“Milk”
Focus
At the Michigan

Courtesy of Focus Features

4.5 out of 5 Stars

The obvious film to compare “Milk” with would probably be “Brokeback Mountain.” Both are mainstream, Focus Features-produced films that tout gay issues and aim for awards. Both present progressive idealism set against tumultuous times, and are strong, romantic melodramas. But there’s one slight difference that makes “Milk” far superior to its ideological contemporary: “Milk” has emotion.

Whereas “Brokeback” was an austere and cold effort, “Milk” is an emotional work that deserves to endure. A heartfelt story about human rights and the neglected legacy of openly gay San Francisco politician Harvey Milk, “Milk” has a charismatic and affable main character, an insightful history and a sense of intimacy seldom seen in typical Oscar bait.

It’s 1970, New York City. Harvey Milk, portrayed by the effortless Sean Penn, is 40 years old and hasn’t done much in his life as a silent cog. But with a middle-aged desire to bloom and find happiness, Milk decides to flee from the “machine” and re-establish himself in San Francisco.

There, Milk becomes the voice of a grassroots gay movement. But it’s not quick and easy; he begins as just another small business owner looking for equal rights and freedom from harassment. But then Milk starts running for public office. He runs several times for different positions before finally getting elected to the San Francisco Board of Supervisors, where he encounters his fellow supervisor, the infamous Dan White (google the “Twinkie Defense” after seeing the film.)

Yet “Milk” is never truly about Milk’s political ups and downs. It’s about his infectious idealism and what he meant for human rights in the late 1970s. Articulate, passionate and quite likable, Sean Penn doesn’t just play Milk. Penn embraces him. Milk was about creating a voice that could be heard and understood, and by presenting it in a way that anybody could notice and remember. And with messages like “never blend in” and “you gotta give ’em hope” buttressing Milk’s cause, it’s hard not to fall for the film.

Milk was a gifted speaker with tremendous presence. He’s incredibly engaging here via Penn’s portrayal. And judging by the film, he combined the presence of the Obamas with the charisma of the Clintons. Self-deprecating, approachable and incredibly bright, Penn gets everything honorable and admirable about Milk just right. To watch Penn act here is to see a performer working at his peak.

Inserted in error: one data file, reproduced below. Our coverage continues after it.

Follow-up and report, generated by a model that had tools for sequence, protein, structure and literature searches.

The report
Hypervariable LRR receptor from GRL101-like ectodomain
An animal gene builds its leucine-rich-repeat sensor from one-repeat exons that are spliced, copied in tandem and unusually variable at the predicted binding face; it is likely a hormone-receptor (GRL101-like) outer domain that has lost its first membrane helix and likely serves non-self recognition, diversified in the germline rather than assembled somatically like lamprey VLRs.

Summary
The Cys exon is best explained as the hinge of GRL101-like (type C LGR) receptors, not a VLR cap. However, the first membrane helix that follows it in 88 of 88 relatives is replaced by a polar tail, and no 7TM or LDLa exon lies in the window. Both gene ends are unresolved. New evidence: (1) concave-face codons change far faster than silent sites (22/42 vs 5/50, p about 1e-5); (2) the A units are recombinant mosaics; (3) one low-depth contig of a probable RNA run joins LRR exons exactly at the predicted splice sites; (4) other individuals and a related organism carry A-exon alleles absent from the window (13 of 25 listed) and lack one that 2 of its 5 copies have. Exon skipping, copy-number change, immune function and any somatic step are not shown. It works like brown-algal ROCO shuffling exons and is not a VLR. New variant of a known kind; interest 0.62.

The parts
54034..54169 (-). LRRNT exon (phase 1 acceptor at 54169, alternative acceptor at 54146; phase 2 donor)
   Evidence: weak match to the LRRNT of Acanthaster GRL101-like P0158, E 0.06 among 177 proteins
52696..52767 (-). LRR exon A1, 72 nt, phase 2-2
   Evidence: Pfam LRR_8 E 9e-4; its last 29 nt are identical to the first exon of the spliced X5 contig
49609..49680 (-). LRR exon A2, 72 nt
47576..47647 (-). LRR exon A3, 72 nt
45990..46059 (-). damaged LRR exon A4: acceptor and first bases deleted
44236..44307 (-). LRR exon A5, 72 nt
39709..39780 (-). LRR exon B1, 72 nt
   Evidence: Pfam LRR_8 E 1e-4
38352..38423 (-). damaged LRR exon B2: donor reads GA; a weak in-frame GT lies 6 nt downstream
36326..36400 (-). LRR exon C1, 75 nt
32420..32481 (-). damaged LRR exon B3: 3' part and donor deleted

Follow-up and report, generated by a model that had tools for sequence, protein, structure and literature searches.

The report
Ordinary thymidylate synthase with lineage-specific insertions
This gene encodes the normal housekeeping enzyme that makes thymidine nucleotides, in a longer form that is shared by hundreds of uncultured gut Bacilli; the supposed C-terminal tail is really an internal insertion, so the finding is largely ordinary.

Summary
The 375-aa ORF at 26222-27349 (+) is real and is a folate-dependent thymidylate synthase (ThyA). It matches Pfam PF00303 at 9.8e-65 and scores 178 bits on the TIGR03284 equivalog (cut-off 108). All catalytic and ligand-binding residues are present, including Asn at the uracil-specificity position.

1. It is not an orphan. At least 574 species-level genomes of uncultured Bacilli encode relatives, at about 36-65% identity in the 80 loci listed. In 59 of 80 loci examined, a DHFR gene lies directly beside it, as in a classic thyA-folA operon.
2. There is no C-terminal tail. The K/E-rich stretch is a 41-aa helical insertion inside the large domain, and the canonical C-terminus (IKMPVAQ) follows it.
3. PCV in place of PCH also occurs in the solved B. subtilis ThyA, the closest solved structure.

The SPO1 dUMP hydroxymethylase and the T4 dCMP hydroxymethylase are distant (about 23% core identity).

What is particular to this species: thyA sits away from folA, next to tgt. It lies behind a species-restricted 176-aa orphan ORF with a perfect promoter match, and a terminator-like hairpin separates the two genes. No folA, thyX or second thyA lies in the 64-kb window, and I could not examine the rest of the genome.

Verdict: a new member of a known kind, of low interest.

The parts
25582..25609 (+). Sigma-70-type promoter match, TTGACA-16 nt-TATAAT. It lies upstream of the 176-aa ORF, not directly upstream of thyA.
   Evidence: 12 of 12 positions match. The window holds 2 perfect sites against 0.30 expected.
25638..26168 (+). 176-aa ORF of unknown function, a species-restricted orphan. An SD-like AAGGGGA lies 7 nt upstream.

“Milk” scores as an accessible biopic thanks to lyrical camerawork, 1970s historical antiquity and a great supporting cast. Also contributing to the success is the script by new screenwriter Dustin Lance Black (TV’s “Big Love”). But, overall, Penn and director Gus Van Sant steal the show.

After directing indie gems like “My Own Private Idaho” and “Paranoid Park” and mainstream hits like “Good Will Hunting” and “Finding Forrester,” Van Sant finally found a balance with “Milk.” Between mass appeal and obscure art, “Milk” is a film that deserves both applause and guilt-free tears. Van Sant, a gifted visualist, allegedly wanted to make this film for more than a decade, and it shows.

It’s almost perfect. The only setback? James Franco.

Yes, he’s attractive, but “Milk” proves he’s a middling actor. Working with a stock on-and-off love story with Harvey, he’s just another popular face in a film in which he doesn’t belong. Think Jake Gyllenhaal in “Brokeback.”

“Milk” is an ideologically American film about great progressive values and fighting to be heard. Milk was a man who fortunately was listened to, and the film shows the beauty of standing up and speaking out.

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